David C. McCarty, et al. v. National Union Fire Insurance Company of Pittsburgh, PA, et al., No. 15-247, S.D. Ohio; 2016 U.S. Dist. LEXIS 39526).

Outside Counsel Re-Packaged and Re-Focused: Four Pillars

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If your outside counsel has not worked on re-purposing how their services  are delivered to suit your needs, you are entitled to ask why, and to ask them to get to work on doing so.  In-house legal departments in the current market are entitled to value in at least four key areas:

1.  Monthly Access to Counsel at No Cost For Questions on Miscellaneous or on-Assigned Matters – My clients each have several hours per month of free phone consultation time, analysis, or research on any subjects of their choosing.   A good client who invests their money in you to represent them in paid matters is entitled to be able to pick up the phone or send an email with a random or miscellaneous question without worrying about the meter running.  It is a way to provide value to good clients, and a way to encourage them to reach out and stay in touch to take advantage of the benefit.

2.   No-Cost Quarterly  At-Client “Office Hours” – This is an extension of the no-cost consultation service.  My clients each get eight hours per quarter of my spending time in their offices, where I can assist and consult on matters of importance, provide updates or continuing education on topics of interest, or to listen and learn about the legal department’s or company’s goals and objectives, and to discuss how we might assist the client in achieving those goals.  It is a great way to learn more about a client’s DNA and institutional culture, so that legal services can be aligned with those things.

3.   Alternative Fee Options, And The Willingness To Negotiate Any Fee, Any Time – I have posted about the complex subject of alternative legal fees many times, and have a page dedicated to describing many popular alternative fee options.  Clients like the ability as they assign matters to outside counsel to toggle back and forth between traditional hourly rate arrangements and alternative fee proposals based on the nature of the matter assigned.  The only real rule here is absolute flexibility.  The client should be given the option of deciding which fee approach they feel is best for them at the outset of assigning a matter.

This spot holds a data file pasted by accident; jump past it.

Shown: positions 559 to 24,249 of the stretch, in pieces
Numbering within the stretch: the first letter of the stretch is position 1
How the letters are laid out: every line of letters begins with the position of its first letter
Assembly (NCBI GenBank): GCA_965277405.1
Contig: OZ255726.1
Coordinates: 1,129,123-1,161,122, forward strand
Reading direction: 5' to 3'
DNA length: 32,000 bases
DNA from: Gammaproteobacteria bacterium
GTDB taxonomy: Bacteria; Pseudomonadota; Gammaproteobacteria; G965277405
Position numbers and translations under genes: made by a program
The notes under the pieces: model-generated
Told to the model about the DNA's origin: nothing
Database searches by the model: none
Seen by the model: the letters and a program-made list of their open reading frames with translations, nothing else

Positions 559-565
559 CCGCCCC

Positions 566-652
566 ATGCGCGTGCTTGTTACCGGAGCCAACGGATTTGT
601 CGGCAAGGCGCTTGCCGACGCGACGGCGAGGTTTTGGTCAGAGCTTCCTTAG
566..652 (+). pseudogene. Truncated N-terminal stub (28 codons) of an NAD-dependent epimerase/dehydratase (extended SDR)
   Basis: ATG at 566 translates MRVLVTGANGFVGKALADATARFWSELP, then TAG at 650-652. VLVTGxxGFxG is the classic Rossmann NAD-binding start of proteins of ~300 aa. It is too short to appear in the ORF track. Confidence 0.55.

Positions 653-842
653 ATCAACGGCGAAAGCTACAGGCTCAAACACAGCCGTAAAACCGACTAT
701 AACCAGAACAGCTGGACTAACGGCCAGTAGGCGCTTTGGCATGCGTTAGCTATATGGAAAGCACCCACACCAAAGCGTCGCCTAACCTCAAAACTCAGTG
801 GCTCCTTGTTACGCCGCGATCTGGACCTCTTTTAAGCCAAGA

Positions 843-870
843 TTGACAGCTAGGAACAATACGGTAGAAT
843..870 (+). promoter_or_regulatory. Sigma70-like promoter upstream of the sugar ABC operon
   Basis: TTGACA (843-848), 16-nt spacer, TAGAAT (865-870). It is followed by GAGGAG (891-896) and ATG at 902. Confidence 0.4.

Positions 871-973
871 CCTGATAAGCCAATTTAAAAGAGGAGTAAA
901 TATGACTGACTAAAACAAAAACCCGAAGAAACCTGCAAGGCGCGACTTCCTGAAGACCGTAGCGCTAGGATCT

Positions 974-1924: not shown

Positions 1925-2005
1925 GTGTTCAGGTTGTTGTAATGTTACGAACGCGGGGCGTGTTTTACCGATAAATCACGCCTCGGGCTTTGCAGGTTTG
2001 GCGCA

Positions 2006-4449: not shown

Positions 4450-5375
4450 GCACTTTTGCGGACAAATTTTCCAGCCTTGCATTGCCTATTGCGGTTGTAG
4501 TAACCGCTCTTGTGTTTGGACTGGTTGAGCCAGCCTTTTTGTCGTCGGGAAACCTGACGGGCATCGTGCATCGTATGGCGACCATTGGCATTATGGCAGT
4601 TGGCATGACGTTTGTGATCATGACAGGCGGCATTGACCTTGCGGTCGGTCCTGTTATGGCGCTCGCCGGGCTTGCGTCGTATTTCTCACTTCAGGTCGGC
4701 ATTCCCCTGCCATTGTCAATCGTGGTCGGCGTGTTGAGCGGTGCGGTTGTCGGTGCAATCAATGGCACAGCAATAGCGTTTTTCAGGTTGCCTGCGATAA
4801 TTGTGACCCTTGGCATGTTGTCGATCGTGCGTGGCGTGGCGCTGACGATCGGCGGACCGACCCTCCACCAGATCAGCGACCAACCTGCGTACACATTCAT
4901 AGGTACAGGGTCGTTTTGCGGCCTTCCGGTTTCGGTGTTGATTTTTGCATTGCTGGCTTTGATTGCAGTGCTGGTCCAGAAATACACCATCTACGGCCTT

Outside counsel  should be open always to adjustments in the fees as a case or matter proceeds.  Circumstances change, cases can take unexpected twists and turns, and an in – house legal department should never, never feel locked into an unfavorable fee agreement after circumstances material change.  Setting legal fees is NOT an adversarial process between outside counsel and general counsel;  rather, it is a collaborative one.

4.   Re-Thinking Hourly Fee Engagements To Provide More Value – Some clients still prefer engaging outside counsel by way of a traditional hourly fee deal.  At the same time, however, in addition to the extras discussed above, they are also looking for value from outside counsel even under these engagements.  We have re-packaged our hourly fee engagements with legal departments, and re-thought how they should operate.

Our clients have begun to regularly see “No Charge” line items in their invoices.  Under our re-vamped hourly rate system, clients are not charged for routine letters and phone calls, and  charged only for substantive work which moves a matter forward.  In that way, a client feels like it is paying only for value received, not merely a ticking clock.

All of these pillars serve the same goals:  First, these features encourage clients to reach out to outside counsel on non-assigned matters, and feel like they are partnering together to serve the common goal – the client’s interests, without necessarily worrying about cost.  Second, these features provide value to clients on the matters which are formally assigned to outside counsel.

To put these advantages to work for your in-house legal department or office of general counsel, reach me at chaddick@dmclaw.com or 717-731-4800.

 

N.C.: Insurer No Duty To Defend Environmental Contamination Claims

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RALEIGH, N.C., March 29  — A North Carolina federal judge ruled as a matter of law that several insurers had no duty to defend its insured  under certain of its policies for two underlying environmental contamination claims, finding no plausible allegation of sudden and accidental release of contaminants which would have triggered coverage.

PCS Phosphate Co. Inc.sought a declaratory judgment for defense and indemnity from American Home Insurance  in two underlying actions alleging environmental contamination. American Home joined Zurich American Insurance Co. and Federal Insurance Co., seeking contribution and indemnity related to the defense and indemnity of PCS.

Between 1978 and 2002, PCS and its predecessor Texasgulf Inc. sent transformers to facilities in North Carolina for repairs. During the transformer repairs, PCBs were released, resulting in an E.P.A. investigation on the site.  The E.P.A. ultimately settled with certain potentially responsible parties (PRP’s) following an investigation launched in 2003.